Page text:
Like its series predecessors, both broad and deep, focused on themes of community dynamics and conflict resolution.

A BAD KING IS A SAD THING

From the Rabbit & Bear series , Vol. 5

Bear and her woodland friends are terrorized by a towering ice bear who moves in, declaring himself king and them nonpersons—“just food that no one has bothered to eat.”

“I thought this kind of terrible thing only happened in books!” declares Mole, aghast. But no, it seems that if the roaring, imperious newcomer’s demand for a whole new palace isn’t met overnight, everyone will be summarily “beaten, eaten, and pooped.” What to do when the kindness and generosity that resolved problems in past episodes go for naught and even force isn’t a viable option? Showing that there’s still some moral high ground to be explored, Gough brings in help from a decidedly unexpected source…namely, Wolf, earlier driven off into the Dark Woods to starve for his predatory behavior but, it turns out, wise in the ways of coping with fears and clever enough to devise a collective strategy to send the bully packing. The grateful animals in turn contrive a nonfatal way to bring their tricksy, toothy benefactor back into the fold. At least for a time. Flooding snowy settings in the duotone illustrations with blue, wintry light, Field exaggerates the expressions and postures of his popeyed cartoon animal figures to heighten the comedy and the drama alike. In several scenes Wolf resembles a particularly feral, emaciated Wile E. Coyote, which makes his sagacity even more of a thought-provoking surprise.

Like its series predecessors, both broad and deep, focused on themes of community dynamics and conflict resolution. (map) (Animal fantasy. 6-8)

Pub Date: Sept. 21, 2021

ISBN: 978-1-64517-602-2

Page Count: 112

Publisher: Silver Dolphin Books

Review Posted Online: June 16, 2021

Kirkus Reviews Issue: July 1, 2021

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Readers who (inexplicably) find David Lawrence’s Pickle and Penguin (2004) just too weird may settle in more comfortably...

LOST AND FOUND

A lad finds a penguin on his doorstep and resolutely sets out to return it in this briefly told import. 

Eventually, he ends up rowing it all the way back to Antarctica, braving waves and storms, filling in the time by telling it stories. But then, feeling lonely after he drops his silent charge off, he belatedly realizes that it was probably lonely too, and turns back to find it. Seeing Jeffers’s small, distant figures in wide, simply brushed land- and sea-scapes, young viewers will probably cotton to the penguin’s feelings before the boy himself does—but all’s well that ends well, and the reunited companions are last seen adrift together in the wide blue sea.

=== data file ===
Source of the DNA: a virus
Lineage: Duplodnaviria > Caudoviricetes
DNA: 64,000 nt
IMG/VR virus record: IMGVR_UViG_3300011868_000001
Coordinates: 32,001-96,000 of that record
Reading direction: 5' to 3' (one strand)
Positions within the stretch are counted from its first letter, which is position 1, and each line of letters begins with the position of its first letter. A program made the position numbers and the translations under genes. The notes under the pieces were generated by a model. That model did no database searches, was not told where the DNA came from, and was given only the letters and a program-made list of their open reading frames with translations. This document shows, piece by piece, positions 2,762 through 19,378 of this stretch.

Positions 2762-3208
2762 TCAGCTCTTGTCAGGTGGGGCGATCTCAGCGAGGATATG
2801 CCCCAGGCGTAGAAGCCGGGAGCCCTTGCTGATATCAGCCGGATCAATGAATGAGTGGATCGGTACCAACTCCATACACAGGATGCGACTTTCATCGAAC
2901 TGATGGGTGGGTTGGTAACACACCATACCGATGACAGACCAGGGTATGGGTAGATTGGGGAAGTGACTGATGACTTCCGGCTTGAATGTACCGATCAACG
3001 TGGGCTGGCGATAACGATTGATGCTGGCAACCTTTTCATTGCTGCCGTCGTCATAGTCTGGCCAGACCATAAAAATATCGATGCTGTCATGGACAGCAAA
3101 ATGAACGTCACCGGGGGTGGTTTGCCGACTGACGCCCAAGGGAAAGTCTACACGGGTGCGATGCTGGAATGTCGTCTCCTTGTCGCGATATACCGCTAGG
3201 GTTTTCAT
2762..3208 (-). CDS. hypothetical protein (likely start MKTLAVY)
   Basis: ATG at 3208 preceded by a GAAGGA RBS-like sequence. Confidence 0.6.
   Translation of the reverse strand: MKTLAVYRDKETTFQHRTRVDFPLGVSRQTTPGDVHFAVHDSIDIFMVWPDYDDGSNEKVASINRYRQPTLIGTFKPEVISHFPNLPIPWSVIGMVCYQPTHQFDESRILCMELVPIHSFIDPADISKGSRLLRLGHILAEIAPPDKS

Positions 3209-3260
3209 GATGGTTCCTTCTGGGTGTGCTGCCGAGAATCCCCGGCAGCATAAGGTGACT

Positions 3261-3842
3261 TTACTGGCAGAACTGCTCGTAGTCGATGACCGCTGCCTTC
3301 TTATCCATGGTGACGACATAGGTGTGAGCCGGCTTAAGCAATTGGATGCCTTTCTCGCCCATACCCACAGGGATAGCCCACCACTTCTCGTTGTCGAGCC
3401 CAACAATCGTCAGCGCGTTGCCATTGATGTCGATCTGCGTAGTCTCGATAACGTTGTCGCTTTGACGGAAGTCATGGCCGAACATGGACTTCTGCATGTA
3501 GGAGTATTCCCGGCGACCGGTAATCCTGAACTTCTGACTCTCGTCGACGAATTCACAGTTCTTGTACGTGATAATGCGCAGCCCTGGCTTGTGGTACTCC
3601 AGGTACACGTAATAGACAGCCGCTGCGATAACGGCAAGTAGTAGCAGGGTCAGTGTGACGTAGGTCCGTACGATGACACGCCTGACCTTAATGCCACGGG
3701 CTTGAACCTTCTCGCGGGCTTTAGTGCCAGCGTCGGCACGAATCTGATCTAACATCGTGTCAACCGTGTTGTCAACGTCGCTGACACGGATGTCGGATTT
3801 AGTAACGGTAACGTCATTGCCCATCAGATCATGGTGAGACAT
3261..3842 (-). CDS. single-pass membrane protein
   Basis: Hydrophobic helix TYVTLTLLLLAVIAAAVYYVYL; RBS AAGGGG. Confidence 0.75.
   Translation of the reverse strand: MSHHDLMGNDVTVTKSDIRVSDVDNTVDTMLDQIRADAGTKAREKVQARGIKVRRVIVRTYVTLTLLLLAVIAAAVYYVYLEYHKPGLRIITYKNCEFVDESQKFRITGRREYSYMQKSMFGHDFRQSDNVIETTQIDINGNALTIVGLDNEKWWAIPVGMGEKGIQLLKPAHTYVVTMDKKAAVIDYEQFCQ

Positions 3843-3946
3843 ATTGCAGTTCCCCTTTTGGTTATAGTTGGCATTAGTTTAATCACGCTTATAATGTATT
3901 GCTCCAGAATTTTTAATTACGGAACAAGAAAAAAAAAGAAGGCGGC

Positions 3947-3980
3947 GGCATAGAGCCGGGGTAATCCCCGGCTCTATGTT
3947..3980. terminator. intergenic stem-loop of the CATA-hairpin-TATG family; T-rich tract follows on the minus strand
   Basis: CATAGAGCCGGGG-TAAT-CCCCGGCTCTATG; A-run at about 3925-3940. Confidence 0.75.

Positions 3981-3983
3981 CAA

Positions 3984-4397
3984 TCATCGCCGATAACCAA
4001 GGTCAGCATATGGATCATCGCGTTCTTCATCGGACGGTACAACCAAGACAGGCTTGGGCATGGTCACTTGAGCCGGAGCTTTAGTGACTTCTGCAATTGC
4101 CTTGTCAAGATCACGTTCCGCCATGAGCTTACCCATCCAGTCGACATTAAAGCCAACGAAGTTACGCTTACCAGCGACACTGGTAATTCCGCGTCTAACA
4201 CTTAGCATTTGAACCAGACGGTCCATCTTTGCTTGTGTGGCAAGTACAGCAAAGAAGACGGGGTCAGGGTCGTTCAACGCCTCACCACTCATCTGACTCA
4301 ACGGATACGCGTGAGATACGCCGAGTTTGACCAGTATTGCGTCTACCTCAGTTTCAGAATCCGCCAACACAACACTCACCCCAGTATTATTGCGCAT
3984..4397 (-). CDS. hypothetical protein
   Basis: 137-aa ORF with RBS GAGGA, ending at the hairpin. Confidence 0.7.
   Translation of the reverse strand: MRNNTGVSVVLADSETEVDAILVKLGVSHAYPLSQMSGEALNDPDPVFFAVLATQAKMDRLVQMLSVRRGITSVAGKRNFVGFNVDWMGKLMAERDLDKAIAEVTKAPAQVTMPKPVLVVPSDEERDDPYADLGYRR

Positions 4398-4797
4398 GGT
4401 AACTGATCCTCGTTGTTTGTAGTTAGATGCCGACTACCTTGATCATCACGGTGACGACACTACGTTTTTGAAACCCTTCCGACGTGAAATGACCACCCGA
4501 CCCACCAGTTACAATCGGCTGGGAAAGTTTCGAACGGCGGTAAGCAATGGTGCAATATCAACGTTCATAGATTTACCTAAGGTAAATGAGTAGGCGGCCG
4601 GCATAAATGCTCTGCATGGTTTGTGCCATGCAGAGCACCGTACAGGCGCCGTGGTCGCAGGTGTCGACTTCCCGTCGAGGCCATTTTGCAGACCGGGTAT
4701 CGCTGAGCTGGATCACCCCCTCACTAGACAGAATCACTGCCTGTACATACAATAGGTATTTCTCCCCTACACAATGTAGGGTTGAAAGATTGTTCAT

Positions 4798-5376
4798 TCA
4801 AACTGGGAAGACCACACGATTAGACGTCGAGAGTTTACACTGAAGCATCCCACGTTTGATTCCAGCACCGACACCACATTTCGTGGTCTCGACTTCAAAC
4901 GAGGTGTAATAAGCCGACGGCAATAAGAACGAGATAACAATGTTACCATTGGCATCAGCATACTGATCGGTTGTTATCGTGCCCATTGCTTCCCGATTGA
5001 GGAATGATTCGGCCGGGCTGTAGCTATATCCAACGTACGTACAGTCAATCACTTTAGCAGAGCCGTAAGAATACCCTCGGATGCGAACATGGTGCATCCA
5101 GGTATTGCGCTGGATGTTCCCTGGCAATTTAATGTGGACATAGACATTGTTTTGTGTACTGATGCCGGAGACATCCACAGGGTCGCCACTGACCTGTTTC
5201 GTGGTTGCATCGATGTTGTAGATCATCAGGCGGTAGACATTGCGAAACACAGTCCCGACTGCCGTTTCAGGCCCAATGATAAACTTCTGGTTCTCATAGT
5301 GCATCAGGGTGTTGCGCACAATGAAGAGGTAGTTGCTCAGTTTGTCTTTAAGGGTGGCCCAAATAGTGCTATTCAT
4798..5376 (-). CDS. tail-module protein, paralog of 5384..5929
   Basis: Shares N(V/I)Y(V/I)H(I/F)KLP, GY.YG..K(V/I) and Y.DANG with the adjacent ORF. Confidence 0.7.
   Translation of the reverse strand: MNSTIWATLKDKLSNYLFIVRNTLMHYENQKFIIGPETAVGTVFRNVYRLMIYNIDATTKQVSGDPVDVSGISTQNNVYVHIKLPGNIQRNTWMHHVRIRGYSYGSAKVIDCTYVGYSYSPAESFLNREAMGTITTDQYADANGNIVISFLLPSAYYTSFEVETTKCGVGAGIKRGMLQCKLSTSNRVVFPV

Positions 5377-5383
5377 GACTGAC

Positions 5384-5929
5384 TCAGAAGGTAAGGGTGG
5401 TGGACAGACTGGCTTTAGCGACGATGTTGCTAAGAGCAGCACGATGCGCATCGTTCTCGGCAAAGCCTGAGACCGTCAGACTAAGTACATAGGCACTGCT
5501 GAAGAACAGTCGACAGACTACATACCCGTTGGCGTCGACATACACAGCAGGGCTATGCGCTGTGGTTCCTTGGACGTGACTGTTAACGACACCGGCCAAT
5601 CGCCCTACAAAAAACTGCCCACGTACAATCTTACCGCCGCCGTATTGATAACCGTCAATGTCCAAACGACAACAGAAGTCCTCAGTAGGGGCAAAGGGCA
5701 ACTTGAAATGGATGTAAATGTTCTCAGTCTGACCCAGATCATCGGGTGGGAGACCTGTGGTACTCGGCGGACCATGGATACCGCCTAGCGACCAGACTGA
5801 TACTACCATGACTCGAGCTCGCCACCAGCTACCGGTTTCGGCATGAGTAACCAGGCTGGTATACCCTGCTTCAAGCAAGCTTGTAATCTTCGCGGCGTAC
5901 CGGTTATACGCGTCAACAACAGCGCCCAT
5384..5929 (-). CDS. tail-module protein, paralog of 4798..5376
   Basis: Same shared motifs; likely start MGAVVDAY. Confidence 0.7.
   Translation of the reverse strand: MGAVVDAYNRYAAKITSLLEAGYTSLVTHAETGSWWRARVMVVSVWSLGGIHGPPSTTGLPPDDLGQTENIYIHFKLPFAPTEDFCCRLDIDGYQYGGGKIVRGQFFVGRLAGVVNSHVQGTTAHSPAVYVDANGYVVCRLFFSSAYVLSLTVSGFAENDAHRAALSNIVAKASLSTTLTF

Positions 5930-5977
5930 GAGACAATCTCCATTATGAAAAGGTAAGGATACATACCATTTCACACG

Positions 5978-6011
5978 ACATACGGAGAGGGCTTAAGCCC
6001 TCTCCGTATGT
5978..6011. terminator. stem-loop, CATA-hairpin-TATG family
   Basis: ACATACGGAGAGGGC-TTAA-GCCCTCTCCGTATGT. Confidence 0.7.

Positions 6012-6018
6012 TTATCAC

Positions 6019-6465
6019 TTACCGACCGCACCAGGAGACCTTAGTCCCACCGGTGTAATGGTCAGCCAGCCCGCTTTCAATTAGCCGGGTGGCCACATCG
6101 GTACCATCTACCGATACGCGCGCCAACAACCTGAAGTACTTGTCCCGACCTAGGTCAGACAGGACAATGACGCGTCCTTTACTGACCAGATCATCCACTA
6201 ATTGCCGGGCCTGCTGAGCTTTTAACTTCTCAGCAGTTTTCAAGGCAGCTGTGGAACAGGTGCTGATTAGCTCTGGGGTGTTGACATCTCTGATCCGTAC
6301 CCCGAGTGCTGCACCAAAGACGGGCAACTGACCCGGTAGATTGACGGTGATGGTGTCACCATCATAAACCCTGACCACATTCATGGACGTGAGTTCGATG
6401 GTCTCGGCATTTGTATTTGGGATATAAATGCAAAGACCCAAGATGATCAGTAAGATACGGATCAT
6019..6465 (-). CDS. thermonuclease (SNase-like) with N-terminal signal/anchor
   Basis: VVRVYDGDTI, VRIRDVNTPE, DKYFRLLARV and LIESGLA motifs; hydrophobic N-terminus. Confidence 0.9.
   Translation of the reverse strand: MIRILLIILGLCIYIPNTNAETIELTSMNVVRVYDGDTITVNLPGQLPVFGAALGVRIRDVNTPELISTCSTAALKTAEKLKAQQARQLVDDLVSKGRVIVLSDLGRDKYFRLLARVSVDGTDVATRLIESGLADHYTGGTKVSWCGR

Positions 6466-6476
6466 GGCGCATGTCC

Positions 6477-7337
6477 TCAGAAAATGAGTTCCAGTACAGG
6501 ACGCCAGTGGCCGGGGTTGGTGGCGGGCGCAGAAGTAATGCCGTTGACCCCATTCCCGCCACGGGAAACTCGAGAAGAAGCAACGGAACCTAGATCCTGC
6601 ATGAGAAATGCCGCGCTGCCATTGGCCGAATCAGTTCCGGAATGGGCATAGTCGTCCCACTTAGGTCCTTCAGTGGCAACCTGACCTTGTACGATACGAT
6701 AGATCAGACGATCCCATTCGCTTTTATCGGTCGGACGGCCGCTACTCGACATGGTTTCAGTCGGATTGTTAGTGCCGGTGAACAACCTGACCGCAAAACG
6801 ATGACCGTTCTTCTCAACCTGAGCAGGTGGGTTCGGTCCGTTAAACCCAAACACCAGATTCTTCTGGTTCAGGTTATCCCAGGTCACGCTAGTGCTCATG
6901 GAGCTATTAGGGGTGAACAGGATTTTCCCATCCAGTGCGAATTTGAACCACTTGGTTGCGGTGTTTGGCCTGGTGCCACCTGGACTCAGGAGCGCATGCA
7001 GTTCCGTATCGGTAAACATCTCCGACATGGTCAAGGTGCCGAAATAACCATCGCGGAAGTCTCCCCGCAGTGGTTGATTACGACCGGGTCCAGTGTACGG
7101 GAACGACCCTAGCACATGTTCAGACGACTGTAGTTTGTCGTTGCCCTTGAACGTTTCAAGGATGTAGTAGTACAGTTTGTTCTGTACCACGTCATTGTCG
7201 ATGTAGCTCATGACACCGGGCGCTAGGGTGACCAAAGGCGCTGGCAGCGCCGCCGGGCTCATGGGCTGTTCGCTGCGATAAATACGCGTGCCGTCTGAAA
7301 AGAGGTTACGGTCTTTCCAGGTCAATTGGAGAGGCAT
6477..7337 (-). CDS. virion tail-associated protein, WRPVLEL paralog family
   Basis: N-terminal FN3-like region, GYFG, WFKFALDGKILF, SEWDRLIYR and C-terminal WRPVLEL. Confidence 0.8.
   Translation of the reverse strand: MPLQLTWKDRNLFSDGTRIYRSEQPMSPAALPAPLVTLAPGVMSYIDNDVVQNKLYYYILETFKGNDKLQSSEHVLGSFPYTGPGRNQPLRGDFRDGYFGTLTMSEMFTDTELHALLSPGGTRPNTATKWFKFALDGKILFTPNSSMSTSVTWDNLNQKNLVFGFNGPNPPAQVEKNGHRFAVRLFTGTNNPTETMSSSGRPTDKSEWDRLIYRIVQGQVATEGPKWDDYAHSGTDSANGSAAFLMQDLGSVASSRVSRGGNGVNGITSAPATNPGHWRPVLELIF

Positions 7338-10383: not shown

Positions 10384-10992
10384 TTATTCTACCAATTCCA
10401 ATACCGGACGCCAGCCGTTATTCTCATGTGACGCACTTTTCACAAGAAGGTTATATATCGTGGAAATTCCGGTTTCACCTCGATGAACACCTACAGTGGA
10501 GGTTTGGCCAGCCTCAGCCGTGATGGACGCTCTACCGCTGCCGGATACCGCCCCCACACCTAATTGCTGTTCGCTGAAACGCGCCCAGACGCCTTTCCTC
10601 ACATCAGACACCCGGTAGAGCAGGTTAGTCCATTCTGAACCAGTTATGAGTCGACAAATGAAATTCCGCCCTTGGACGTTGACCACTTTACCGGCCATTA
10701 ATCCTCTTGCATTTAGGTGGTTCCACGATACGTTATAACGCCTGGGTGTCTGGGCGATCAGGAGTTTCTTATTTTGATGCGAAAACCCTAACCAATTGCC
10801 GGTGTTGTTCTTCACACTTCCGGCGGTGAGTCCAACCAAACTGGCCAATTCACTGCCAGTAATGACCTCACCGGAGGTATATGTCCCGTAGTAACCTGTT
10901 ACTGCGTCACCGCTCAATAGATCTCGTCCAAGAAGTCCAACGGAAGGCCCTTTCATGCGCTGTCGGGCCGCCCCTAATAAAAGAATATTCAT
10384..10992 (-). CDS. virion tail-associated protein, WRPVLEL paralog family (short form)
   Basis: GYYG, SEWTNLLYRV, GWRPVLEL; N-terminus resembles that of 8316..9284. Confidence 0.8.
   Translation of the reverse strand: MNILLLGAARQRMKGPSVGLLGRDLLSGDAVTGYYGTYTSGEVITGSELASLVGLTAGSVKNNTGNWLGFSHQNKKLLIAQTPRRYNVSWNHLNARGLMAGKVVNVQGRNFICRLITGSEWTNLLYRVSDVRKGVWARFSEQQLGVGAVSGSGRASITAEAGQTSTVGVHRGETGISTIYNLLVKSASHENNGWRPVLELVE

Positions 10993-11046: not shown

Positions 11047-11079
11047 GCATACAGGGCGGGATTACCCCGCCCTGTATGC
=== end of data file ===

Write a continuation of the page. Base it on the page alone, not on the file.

Readers who (inexplicably) find David Lawrence’s Pickle and Penguin (2004) just too weird may settle in more comfortably with this—slightly—less offbeat friendship tale. (Picture book. 6-8)

Pub Date: Jan. 1, 2006

ISBN: 0-399-24503-0

Page Count: 32

Publisher: Philomel

Review Posted Online: June 24, 2010

Kirkus Reviews Issue: Dec. 1, 2005

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An effective early chapter book conveyed in a slightly overdone gag.

DEAR BEAST

Epistolary dispatches from the eternal canine/feline feud.

Simon the cat is angry. He had done a good job taking care of his boy, Andy, but now that Andy’s parents are divorced, a dog named Baxter has moved into Andy’s dad’s house. Simon believes that there isn’t enough room in Andy’s life for two furry friends, so he uses the power of the pen to get Baxter to move out. Inventively for the early-chapter-book format, the story is told in letters written back and forth; Simon’s are impeccably spelled on personalized stationery while Baxter’s spelling slowly improves through the letters he scrawls on scraps of paper. A few other animals make appearances—a puffy-lipped goldfish who for some reason punctuates her letter with “Blub…blub…” seems to be the only female character (cued through stereotypical use of eyelashes and red lipstick), and a mustachioed snail ferries the mail to and fro. White-appearing Andy is seen playing with both animals as a visual background to the text, as is his friend Noah (a dark-skinned child who perhaps should not be nicknamed “N Man”). Cat lovers will appreciate Simon’s prickliness while dog aficionados will likely enjoy Baxter’s obtuse enthusiasm, and all readers will learn about the time and patience it takes to overcome conflict and jealousy with someone you dislike.

An effective early chapter book conveyed in a slightly overdone gag. (Fiction. 6-8)

Pub Date: May 12, 2020

ISBN: 978-0-8234-4492-2

Page Count: 80

Publisher: Holiday House

Review Posted Online: Jan. 21, 2020

Kirkus Reviews Issue: Feb. 15, 2020

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